The channel that leads to deep sleep has been discovered by scientists, potentially paving the way for the development of drug therapies to treat sleep-related disorders.

Researchers found a specific calcium channel that leads to deep sleep – the part of the sleep cycle that is believed to restore the body and brain from waking activity.

The scientists, from the New York University School of Medicine, published their findings in the Proceeding for the National Academy of Sciences.

They showed how the calcium channel CaV3.1 is involved in deep sleep in a study of mice – the mice that lacked CaV3.1 took longer to fall asleep and woke up more often. They were incapable of maintaining low-frequency oscillatory activity associated with unconsciousness.

Study author Rodolfo R. Llinas told IBTimes UK: "The issue at this moment is trying to understand the nature of sleep. The issue historically has been either you are asleep or you are awake."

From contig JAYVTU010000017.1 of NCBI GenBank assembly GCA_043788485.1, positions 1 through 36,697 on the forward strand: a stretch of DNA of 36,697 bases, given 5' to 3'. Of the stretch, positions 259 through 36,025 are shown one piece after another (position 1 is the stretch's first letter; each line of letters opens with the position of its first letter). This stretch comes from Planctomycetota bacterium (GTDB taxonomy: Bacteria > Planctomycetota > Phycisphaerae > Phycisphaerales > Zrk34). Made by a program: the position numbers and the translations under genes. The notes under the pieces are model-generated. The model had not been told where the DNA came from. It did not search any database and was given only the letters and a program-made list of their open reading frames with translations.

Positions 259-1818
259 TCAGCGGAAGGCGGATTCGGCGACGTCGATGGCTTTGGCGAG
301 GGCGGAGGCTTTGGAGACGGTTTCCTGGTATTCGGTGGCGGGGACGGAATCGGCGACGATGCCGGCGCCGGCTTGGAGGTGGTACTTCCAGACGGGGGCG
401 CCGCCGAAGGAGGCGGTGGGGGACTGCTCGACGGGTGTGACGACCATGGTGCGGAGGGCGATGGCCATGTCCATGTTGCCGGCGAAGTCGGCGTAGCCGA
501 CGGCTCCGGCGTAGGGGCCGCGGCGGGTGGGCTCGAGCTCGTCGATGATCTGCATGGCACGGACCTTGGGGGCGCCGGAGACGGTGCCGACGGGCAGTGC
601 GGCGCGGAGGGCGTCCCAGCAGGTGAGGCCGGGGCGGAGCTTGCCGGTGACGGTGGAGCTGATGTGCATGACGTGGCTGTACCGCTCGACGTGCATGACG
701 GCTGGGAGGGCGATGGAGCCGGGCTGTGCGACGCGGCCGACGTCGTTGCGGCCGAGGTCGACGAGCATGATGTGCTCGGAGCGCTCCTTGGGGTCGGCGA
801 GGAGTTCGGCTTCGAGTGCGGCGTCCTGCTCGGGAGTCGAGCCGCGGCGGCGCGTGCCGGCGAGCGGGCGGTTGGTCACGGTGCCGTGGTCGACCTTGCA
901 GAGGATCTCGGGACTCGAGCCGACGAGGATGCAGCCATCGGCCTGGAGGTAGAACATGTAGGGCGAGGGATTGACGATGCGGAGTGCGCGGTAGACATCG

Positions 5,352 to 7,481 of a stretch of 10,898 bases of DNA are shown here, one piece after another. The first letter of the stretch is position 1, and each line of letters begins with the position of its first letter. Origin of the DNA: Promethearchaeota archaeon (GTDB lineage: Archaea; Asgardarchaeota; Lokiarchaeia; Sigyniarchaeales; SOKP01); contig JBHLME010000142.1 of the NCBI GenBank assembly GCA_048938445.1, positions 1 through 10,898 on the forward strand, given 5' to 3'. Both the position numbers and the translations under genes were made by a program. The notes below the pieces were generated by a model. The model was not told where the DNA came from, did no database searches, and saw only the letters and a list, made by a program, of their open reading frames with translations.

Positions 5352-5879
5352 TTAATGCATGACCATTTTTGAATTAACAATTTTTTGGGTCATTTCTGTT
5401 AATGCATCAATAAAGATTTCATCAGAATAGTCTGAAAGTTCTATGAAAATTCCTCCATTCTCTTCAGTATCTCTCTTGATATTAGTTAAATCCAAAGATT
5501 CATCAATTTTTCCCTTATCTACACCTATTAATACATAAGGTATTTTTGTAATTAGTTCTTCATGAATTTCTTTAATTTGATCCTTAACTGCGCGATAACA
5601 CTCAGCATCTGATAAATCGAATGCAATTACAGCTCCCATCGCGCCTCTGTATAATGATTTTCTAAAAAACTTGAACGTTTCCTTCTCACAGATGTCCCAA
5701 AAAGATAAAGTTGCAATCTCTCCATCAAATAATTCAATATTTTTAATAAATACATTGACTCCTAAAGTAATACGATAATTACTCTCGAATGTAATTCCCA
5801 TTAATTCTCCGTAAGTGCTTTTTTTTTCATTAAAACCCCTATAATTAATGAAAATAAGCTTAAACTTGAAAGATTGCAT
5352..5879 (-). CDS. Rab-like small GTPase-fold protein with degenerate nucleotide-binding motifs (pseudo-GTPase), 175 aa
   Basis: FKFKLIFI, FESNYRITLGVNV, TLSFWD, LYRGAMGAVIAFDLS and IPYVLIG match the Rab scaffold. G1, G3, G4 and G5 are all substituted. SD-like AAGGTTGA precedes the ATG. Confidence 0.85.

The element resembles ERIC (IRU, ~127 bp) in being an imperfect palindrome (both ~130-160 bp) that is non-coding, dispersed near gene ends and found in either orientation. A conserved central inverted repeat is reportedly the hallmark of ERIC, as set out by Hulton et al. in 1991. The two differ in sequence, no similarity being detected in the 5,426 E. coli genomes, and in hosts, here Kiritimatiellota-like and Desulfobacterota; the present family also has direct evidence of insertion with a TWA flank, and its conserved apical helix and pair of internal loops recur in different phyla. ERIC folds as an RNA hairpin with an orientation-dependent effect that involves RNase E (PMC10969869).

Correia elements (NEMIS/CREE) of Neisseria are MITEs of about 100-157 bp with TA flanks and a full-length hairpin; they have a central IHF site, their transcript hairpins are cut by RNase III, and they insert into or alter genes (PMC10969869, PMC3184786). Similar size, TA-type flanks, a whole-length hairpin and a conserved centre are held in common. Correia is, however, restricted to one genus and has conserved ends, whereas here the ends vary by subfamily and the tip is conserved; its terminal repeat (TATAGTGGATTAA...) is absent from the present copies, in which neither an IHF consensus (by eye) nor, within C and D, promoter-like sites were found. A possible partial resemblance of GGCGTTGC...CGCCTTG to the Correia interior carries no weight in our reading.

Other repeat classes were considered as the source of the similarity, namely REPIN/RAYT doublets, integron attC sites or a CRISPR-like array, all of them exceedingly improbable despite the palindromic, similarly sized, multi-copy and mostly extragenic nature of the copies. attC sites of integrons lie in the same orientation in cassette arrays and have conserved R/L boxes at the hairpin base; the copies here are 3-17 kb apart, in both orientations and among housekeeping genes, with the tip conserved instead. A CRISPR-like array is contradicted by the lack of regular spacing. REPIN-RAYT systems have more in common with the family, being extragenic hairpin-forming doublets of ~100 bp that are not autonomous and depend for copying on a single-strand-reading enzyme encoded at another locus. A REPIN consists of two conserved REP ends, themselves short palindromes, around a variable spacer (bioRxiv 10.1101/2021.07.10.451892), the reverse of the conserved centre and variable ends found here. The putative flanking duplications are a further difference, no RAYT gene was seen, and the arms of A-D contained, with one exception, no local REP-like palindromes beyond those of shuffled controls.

He said the state of sleep is known to be generated by a host of calcium channels. In the study, the mice had everything but the CaV3.1 channel: "What we have found is that if you do that, if you remove those channels, the mice can sleep but they don't' sleep very deeply or for very long," he said.

"If you do that to an animal, the animal only has what is called cat naps. They don't sleep very deeply and they wake up often. So they don't get the deep refreshing important sleep. This is the issue."

These findings, he said, have important implications for people with certain psychiatric conditions which cause them to not sleep properly. The mice in the study were found to be very nervous, detached and wary – not unlike what happens in humans who are deprived of deep sleep.

"It basically means we have a target to study in many conditions in humans. As far as the therapeutic situation, probably the way we would try to proceed is to try to optimise the calcium channels that actually allow deep sleep. This could be done pharmacologically and this is something we are going to be addressing. It opens fields and it's wonderful."